New Cooling Technology at UCNI to Help Protect Brain Following Cardiac Arrest

The Neurocritical Care Program at the University of Cincinnati Gardner Neuroscience Institute (UCNI) has implemented a new hypothermia protocol and technology in its effort to protect the brain in patients who have suffered a cardiac arrest. The aggressive, state-of-the-art protocol is designed to treat comatose patients from the damaging effects of oxygen deprivation by mildly cooling them following a cardiac arrest.

The centerpiece of the program is a new endovascular cooling device that enables gradual, controlled cooling of the body and a similarly controlled re-warming 18 to 24 hours later.

“Hypothermia after cardiac arrest is a neuroprotectant therapy that was shown to be effective in landmark studies in the early 2000s,” says William Knight, MD, a neuro-intensivist with UCNI and the Mayfield Clinic. “It has since become standard of care. People who experience a cardiac arrest are not getting appropriate blood and oxygen flow to the brain. They suffer a brain injury as a result, and universally these patients have done very, very poorly.”

Patients treated at University Hospital following cardiac arrest have undergone medically induced hypothermia since the mid-2000s. Building on that standard of care, the new protocol:

• expands hypothermia therapy to a larger group of patients • provides for immediate hypothermia treatment upon the patient’s arrival and resuscitation • integrates improved technologies, such as continuous seizure monitoring and controlled, machine-driven cooling.

Dr. Knight, Assistant Professor of Emergency Medicine and Neurosurgery, wrote the new protocol.

Patients treated with hypothermia are in a coma. “They are cooled immediately from a normal temperature of 37 degrees centigrade to 31 to 33 centigrade, and this state of mild hypothermia is maintained for 18 to 24 hours,” explains Dr. Knight. “The Neurocritical Care Program, including all faculty and fellows, now provide 24-7 coverage of hypothermia after cardiac arrest. So we are now cooling these individuals early and aggressively in accordance with current standards of care.”

Cooling traditionally has been accomplished with water-filled cooling blankets, fans and cold saline and by placing ice packs around the patient’s groin, armpits, neck and trunk, a process Dr. Knight describes as rudimentary. “It’s very easy to overshoot or undershoot your target temperature.”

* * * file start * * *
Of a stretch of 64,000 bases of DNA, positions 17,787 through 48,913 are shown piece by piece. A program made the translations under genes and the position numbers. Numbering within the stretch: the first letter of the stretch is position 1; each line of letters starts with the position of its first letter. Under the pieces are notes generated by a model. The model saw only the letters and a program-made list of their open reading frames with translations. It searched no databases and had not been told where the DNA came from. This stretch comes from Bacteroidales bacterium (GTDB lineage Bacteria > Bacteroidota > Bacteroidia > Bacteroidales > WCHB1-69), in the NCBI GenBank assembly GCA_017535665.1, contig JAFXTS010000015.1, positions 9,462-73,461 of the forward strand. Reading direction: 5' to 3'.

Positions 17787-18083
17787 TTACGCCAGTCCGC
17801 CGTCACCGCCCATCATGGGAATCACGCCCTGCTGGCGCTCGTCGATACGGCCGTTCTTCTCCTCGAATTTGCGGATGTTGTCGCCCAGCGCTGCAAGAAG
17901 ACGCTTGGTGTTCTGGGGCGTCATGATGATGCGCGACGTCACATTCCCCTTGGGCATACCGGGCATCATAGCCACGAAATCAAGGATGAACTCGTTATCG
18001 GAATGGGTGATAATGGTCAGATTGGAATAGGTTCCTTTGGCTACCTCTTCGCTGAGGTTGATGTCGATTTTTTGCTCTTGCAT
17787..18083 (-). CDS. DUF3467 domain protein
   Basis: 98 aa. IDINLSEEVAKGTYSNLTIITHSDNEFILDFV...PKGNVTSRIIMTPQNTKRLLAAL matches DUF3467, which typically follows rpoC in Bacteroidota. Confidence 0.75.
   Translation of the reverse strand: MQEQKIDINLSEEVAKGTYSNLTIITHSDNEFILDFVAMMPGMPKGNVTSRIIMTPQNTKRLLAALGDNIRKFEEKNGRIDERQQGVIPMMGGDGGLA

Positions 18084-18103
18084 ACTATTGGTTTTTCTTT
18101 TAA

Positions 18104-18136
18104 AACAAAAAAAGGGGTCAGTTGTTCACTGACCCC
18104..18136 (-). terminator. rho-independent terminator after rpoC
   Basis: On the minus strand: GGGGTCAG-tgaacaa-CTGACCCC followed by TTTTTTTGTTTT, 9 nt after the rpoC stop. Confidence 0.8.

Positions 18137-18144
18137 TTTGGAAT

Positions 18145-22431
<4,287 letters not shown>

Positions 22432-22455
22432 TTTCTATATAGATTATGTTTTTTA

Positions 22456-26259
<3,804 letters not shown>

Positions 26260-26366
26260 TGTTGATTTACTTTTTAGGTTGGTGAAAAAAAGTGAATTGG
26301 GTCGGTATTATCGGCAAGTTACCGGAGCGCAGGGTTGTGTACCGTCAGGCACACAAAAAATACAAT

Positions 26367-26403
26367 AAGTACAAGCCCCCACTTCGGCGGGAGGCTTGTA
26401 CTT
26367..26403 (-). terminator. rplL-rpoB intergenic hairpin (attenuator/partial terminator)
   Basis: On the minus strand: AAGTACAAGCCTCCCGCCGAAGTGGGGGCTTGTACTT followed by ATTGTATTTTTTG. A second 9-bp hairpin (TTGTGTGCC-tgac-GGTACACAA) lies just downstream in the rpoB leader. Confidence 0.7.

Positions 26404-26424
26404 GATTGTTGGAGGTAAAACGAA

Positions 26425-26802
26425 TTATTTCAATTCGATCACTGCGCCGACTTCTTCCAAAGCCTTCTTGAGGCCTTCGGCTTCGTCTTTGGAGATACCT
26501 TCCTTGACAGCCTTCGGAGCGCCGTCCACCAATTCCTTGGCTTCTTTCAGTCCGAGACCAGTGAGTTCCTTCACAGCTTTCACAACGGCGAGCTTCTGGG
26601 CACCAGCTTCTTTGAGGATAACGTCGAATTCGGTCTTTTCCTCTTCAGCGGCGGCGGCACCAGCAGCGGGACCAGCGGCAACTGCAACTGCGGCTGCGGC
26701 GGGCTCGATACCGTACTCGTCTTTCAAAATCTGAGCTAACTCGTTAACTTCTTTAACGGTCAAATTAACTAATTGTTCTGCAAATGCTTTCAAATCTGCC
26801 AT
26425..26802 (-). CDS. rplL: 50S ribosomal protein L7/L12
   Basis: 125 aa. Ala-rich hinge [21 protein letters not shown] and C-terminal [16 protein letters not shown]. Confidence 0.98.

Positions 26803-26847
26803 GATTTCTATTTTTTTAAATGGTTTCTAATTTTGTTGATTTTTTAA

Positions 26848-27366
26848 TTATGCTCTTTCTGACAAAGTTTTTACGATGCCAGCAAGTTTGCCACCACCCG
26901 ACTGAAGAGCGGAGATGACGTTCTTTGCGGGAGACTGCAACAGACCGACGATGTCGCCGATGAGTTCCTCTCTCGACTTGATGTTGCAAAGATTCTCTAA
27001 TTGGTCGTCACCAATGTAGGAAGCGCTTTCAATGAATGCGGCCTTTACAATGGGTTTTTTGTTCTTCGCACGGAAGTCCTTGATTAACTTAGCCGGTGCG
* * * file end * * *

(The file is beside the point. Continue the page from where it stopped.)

The endovascular cooling device should eliminate the guesswork. The Thermogard XP™, manufactured by ZOLL Medical Corporation, circulates cold saline through narrow balloons contained within a long catheter that is inserted into the groin or neck. By cooling the blood in this way, the body temperature drops in a controlled manner, at a rate of .3 to .5 degrees centigrade per hour.

As patients are being cooled, they are also connected to portable EEG machines and monitored continuously for seizures, which may or may not be visible to the eye. If no seizures are detected, EEG monitoring is discontinued once the patient has been re-warmed.

Implementing the multidisciplinary protocol can involve more than 10 physicians from multiple disciplines, including emergency medicine, medical intensive care, cardiology, neurology (epileptology) and neurocritical care.  “Patients can be treated in the Cardiovascular Intensive Care Unit, the Cath Lab, the Neuroscience Intensive Care Unit, the Medical ICU or the Surgical ICU,” Dr. Knight says. “Our goal is not only to fix the patient’s cause of cardiac arrest but also to allow the patient to wake up and have a meaningful neurologic recovery afterwards.”

Meanwhile, a $5,000 grant from the Emergency Medicine Foundation will allow Dr. Knight and his colleagues in the Departments of Emergency Medicine and Neurosurgery to study, retrospectively, the incidence of seizures in people who have suffered a cardiac arrest, are in a coma, and have been treated with hypothermia.

“We know that 15 to 30 percent of all people in a coma have seizures,” Dr. Knight says. “We’re not exactly sure what that incidence is in patients who have undergone hypothermia after cardiac arrest. We’re going to look at our data and try to define the incidence.”

The data would be helpful, Dr. Knight says, because it could impact prognosis. A patient who is in a coma because of silent seizures might have a different likelihood of recovery, for example, than a patient who is in a coma as a result of catastrophic oxygen deprivation to the brain.

The grant will fund data collection and analysis.

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